Committee Republicans Move Solutions to Increase Forest Management, Improve Wildland Firefighter Conditions and Address the Wildfire Crisis
Today, the Subcommittee on Federal Lands held a legislative hearing on nine bills focused on forest management, wildland firefighter reforms and fire suppression policies. Subcommittee Chairman Tom Tiffany (R-Wis.) issued the following statement in response:
“If we want to truly confront the wildfire crisis, Congress needs to speed up the permitting bureaucracy that’s been slowing down forest management projects for decades. Today, House Subcommittee on Federal Lands Republicans advanced legislation to actively manage our forests and put hardworking wildland firefighters into winnable situations. This is a step in the right direction to help slow down the catastrophic wildfires across the West.”
Wildfires have catastrophic consequences for America's forests and have only grown stronger and more devastating in recent years. Decades of inadequate forest management created an unprecedented forest health crisis, and without significant change, wildfires will continue decimating America's forests, threatening lives and communities, endangering wildland firefighters and polluting our air and water.
Today's hearing focused on legislation that would streamline the bureaucracy that is preventing active forest management, the adoption of new firefighting technologies and the hiring wildland firefighters.
H.R. 188 would make the 10,000-acre Tahoe Basin CE available throughout the entire National Forest System, as well as all public lands managed by the Bureau of Land Management (BLM).
H. R. 934 would give clear direction to the U.S. Forest Service (USFS) to immediately suppress wildfires on certain lands identified as being under certain drought conditions or at high risk of wildfire, in addition to times when the wildfire response is at its highest level and resources are strained.
H.R. 1450 would revise the Good Neighbor Authority program, clarifying Tribes and counties may participate and retain revenue from timber sale contracts under Good Neighbor Agreements with the Department of Agriculture (USDA) and the Department of the Interior (DOI).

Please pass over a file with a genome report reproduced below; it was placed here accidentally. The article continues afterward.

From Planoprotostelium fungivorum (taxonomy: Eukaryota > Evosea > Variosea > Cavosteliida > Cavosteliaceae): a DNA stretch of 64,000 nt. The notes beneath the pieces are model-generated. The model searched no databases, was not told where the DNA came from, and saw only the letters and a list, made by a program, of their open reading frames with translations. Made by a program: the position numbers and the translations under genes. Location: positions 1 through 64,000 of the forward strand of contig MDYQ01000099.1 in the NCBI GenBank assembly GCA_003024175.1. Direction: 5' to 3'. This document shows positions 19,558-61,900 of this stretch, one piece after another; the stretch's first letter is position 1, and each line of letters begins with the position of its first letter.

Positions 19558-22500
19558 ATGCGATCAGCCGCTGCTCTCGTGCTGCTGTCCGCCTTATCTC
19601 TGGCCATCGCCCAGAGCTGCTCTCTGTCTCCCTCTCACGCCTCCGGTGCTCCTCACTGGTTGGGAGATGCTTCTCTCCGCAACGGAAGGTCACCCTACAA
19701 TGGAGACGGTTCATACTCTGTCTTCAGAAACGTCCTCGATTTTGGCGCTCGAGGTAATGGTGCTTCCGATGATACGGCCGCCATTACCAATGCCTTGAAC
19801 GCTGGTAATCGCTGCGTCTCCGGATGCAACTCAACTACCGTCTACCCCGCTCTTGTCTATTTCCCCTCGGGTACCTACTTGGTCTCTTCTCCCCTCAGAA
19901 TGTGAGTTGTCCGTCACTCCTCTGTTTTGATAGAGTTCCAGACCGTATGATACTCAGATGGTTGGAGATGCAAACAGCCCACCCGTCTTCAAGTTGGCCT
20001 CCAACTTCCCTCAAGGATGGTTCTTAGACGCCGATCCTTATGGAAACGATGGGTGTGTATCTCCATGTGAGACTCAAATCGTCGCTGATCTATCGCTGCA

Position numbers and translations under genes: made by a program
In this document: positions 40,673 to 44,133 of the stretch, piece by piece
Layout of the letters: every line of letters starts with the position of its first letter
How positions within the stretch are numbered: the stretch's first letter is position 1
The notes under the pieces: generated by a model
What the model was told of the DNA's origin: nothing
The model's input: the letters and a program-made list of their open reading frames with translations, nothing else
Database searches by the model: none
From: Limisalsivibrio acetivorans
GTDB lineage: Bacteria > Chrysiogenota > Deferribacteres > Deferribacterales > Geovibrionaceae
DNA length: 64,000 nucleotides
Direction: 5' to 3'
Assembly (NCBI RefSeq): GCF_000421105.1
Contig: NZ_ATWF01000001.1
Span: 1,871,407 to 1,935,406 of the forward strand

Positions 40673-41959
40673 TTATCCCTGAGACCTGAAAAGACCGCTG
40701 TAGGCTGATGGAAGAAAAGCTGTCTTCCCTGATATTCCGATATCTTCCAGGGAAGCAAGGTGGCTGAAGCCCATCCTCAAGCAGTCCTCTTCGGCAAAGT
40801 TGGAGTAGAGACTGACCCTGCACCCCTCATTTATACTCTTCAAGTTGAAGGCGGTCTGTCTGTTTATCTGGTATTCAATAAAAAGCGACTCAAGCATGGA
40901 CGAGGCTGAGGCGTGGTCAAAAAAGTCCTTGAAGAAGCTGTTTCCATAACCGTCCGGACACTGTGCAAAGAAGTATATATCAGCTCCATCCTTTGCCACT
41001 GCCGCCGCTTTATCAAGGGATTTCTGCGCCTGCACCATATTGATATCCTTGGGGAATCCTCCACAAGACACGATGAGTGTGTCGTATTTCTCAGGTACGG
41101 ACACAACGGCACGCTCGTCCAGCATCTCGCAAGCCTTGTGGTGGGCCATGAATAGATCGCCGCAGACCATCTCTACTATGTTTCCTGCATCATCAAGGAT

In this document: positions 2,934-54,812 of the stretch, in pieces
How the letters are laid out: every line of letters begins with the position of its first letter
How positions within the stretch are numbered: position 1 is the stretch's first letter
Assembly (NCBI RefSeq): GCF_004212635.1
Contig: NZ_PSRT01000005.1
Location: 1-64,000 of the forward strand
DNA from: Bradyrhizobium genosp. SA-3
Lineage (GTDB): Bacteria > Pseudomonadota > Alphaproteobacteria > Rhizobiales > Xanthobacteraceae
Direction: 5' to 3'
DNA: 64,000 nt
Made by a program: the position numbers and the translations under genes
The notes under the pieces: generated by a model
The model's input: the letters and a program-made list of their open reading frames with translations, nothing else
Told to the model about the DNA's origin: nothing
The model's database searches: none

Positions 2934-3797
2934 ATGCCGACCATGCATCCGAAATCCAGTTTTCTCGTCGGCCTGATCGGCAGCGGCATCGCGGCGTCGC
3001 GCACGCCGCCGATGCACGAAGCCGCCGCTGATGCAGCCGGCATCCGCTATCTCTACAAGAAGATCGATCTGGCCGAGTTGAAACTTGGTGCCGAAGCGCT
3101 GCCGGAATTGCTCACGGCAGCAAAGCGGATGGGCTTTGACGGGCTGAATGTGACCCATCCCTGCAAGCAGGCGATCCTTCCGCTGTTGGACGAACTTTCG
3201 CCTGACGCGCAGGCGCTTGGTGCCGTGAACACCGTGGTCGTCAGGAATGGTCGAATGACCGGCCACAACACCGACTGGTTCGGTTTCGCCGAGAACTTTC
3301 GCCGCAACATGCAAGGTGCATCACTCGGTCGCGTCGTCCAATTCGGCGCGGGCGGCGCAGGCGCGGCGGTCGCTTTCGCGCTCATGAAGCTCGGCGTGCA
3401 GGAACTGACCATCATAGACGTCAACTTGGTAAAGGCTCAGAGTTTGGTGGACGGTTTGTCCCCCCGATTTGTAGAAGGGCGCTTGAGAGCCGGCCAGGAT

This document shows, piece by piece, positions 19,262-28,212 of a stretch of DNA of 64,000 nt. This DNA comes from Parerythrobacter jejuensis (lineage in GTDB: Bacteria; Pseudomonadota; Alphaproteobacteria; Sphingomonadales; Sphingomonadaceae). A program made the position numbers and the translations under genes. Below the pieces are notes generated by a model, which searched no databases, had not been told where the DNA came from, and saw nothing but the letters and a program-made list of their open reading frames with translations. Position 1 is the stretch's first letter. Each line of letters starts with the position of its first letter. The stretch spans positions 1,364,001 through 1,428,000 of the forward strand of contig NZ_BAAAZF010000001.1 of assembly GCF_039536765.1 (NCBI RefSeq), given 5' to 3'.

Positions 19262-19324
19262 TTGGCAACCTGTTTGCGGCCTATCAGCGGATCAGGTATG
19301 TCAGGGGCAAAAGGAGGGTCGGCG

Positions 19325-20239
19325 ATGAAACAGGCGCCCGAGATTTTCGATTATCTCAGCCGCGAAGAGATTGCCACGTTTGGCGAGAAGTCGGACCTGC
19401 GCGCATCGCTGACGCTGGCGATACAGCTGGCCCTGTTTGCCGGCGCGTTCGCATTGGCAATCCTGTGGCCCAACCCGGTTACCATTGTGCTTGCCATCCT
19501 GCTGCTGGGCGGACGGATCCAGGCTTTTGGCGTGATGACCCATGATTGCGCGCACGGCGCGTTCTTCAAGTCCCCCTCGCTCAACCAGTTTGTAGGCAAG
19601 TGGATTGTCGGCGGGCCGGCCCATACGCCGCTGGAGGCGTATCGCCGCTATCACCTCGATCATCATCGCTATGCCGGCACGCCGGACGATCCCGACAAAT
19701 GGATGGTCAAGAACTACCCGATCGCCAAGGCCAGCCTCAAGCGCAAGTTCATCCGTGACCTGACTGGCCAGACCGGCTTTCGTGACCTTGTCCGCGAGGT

H.R. 3522 creates a fireshed management concept based on the fireshed risk maps developed by USFS researchers and the principles of shared stewardship, which is similar to the approach currently being used in USFS's 10-year "Confronting the Wildfire Crisis Strategy."
H.R. 3499 would first give the Secretary of Agriculture and the Secretary of the Interior permanent direct hire authority to hire qualified candidates on an expedited basis. The bill also directs USFS and DOI to identify policies and propose changes to reduce the time and complexity of hiring wildland firefighters and support personnel.
H.R. 3389 would require USFS and DOI to conduct an evaluation of the use of the container aerial firefighting system in response to wildfires. The evaluation will focus on effectiveness, cost, ease of delivery and safety.
H.R. 3396 would require the Secretaries of Agriculture, the Interior, Homeland Security and Defense to establish standard operating procedures for fire suppression cost-share agreements.
H.R. 1726 would require the Secretary of the Interior to partner and collaborate with the Secretary of Agriculture and the state of Hawaii to address Rapid Ohia Death.H.R. _, "Forest Service Flexible Housing Partnerships Act of 2023" aims to address the lack of available and affordable housing for wildland firefighters by providing additional authority for the Forest Service to lease underutilized lands for housing partnerships.
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